Scottie's Monthly Photo Diary
- Edinburgh Christmas Decorations 2011
I never go anywhere in Scotland without my camera and I take photographs wherever I go. Sometimes I go somewhere specifically to take photographs with a view to adding another page to the Rampant Scotland site. On other occasions I just see something that makes an attractive picture or else it's another graphic to add to the library to perhaps use on a future occasion.
This is a selection of the photographs I took of Christmas decorations in Edinburgh at the end of November, 2011 with a commentary on each one. There's also a link (at the end) to a slide show of similar pictures on YouTube.
See also Edinburgh's Capital Christmas for more on the activities that take place in Edinburgh at this time of year.
Edinburgh Christmas By Day
In previous years when taking the photographs of Edinburgh's Christmas decorations I've tended to concentrate on the scenes after the sun has set, highlighting the coloured lights and the buildings picked out by floodlights. This year, I happened to have some time before and after lunch and took a series of pictures in daylight - there were even a few unexpected blinks of sunshine! The resulting graphics allow you to see some of the attractions more clearly, though perhaps without some of the magic that darkness and coloured lights can give.
The "photo opportunity" here is more for the family who entered the plastic balloon than for passing photographers such as me. The "snow" was being sent into the air by a fan in the base of the unit and the snowman and the reindeer tended to get knocked over. But the kids enjoyed it all!
Edinburgh launched its first Capital Christmas in 1999 and the 108 feet high Ferris wheel has been a feature since then of the entertainment in Edinburgh's Princes Street Gardens over the Festive Season. Located beside the fairy-tale monument to Sir Walter Scott and overhanging the Princes Street pavement, it dominates the market stalls and funfair below.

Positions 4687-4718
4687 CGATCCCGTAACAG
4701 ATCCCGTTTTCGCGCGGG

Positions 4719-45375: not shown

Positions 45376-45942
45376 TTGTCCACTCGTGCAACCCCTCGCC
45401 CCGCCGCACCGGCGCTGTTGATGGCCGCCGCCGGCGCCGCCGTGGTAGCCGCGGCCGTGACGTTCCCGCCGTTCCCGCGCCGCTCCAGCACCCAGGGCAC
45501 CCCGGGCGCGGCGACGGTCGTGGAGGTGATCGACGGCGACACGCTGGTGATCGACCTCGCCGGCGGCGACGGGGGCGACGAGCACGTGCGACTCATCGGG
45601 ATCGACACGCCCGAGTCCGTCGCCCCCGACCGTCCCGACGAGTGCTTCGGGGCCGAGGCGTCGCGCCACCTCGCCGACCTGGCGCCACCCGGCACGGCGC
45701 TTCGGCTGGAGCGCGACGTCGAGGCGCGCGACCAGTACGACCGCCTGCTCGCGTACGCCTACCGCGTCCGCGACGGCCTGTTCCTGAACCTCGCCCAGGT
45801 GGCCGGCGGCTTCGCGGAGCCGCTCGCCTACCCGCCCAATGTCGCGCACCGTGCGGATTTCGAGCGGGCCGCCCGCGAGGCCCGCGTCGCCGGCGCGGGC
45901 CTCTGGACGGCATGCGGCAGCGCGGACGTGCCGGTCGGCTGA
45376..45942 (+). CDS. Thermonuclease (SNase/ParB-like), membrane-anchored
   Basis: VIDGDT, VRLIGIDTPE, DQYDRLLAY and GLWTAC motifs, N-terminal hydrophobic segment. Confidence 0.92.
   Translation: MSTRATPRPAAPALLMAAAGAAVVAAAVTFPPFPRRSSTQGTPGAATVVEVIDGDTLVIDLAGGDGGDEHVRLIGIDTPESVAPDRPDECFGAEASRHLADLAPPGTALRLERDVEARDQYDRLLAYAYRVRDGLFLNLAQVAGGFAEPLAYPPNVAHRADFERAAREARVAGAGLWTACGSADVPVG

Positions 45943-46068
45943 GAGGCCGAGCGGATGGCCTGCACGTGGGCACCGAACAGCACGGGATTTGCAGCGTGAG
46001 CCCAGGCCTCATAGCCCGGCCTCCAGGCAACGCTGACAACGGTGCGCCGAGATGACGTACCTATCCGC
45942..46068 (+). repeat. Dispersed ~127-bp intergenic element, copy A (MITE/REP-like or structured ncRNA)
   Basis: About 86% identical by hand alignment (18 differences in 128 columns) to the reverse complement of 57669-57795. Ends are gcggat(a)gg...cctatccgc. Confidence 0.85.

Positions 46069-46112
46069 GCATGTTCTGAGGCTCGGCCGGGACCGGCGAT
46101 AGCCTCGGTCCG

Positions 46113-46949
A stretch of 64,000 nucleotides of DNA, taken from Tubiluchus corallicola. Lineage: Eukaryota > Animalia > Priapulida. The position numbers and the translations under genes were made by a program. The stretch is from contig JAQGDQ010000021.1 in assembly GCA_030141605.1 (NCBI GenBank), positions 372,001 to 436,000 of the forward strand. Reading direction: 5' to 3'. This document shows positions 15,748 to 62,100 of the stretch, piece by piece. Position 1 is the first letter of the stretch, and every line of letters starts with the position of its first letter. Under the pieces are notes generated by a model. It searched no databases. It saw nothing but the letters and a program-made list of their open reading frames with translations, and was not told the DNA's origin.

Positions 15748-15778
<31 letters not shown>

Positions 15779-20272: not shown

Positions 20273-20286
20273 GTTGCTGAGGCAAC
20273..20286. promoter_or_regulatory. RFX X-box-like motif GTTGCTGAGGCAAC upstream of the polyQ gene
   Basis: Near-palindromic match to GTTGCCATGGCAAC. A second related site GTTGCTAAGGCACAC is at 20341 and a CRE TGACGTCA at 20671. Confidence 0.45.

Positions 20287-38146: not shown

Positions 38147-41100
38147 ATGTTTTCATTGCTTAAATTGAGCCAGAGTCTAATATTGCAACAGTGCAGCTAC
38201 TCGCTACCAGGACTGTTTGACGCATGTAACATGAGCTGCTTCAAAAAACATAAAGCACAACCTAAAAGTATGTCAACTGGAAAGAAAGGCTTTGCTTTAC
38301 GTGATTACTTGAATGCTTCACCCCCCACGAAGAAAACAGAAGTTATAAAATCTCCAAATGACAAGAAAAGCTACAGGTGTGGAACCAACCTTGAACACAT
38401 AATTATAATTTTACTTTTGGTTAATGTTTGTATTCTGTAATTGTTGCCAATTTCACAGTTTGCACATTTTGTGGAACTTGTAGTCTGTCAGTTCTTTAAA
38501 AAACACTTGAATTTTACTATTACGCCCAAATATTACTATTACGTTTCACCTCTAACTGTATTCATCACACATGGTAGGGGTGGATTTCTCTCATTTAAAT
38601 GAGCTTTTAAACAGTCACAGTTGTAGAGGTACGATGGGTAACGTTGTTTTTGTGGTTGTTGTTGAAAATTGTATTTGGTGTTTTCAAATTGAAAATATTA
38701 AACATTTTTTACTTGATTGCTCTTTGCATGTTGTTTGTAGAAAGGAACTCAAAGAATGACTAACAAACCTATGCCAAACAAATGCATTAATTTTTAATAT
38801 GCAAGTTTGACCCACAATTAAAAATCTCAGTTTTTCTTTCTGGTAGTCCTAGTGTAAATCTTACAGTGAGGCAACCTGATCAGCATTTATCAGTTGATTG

When this amusing sign was erected, they wouldn't know that by early December the snow would indeed be falling. Admittedly only a few centimetres at low level in central Scotland, but enough to discourage at least some of the people they were hoping to attract!
There was of course a high speed merry-go-round but this is more sedate traditional one is aimed at the younger visitors.
The Ferris Wheel with the Scott Monument behind it makes a striking combination of old and new. Colour is added to this picture by the hydrangea bushes where at least some of the flowers were still in bloom - November was particularly mild this year.
This picture shows just how far the Ferris Wheel overhangs Princes Street. Of course, there are no trams (also known as a streetcar or trolley car) running yet on the tracks that have been laid in Princes Street and motor cars have been banned from Edinburgh's main shopping street for a number of years - which makes life easier for wandering into the middle of the road to take photographs!
This traditional Nativity scene is displayed appropriately enough in St Andrew Square.
Work to lay the tracks for Edinburgh's new tramway system began in 2008, disrupting traffic and causing shops to lose business, in some cases causing bankruptcy. Work on the track from Princes Street to Edinburgh airport is still ongoing (the project was nearly cancelled at one point earlier this year due to the delays and soaring costs). The current plan is for the system to be operational in the summer of 2014.
I had been waiting impatiently in the café inside Edinburgh Castle for sunset (about 4pm at this time of year) and the lights being switched on so that I could start taking photos of the Christmas lights and floodlit buildings. I was perhaps a shade too early to obtain a more dramatic picture of the castle. A heavy shower of rain began soon after too and during the course of my photographic "expedition" my golf umbrella blew inside out on three occasions due to the strong winds!
Edinburgh Christmas By Night
This is the "photo opportunity" shown at the start of the "daylight" section at the top of the page. Due to the time of day, there were more adults around than children so the unit was largely empty - at least that meant that the "snowman" and "reindeer" remained standing!
This Christmas tree is set high above Princes Street, the main shopping thoroughfare in Edinburgh on a part of the city known as "The Mound".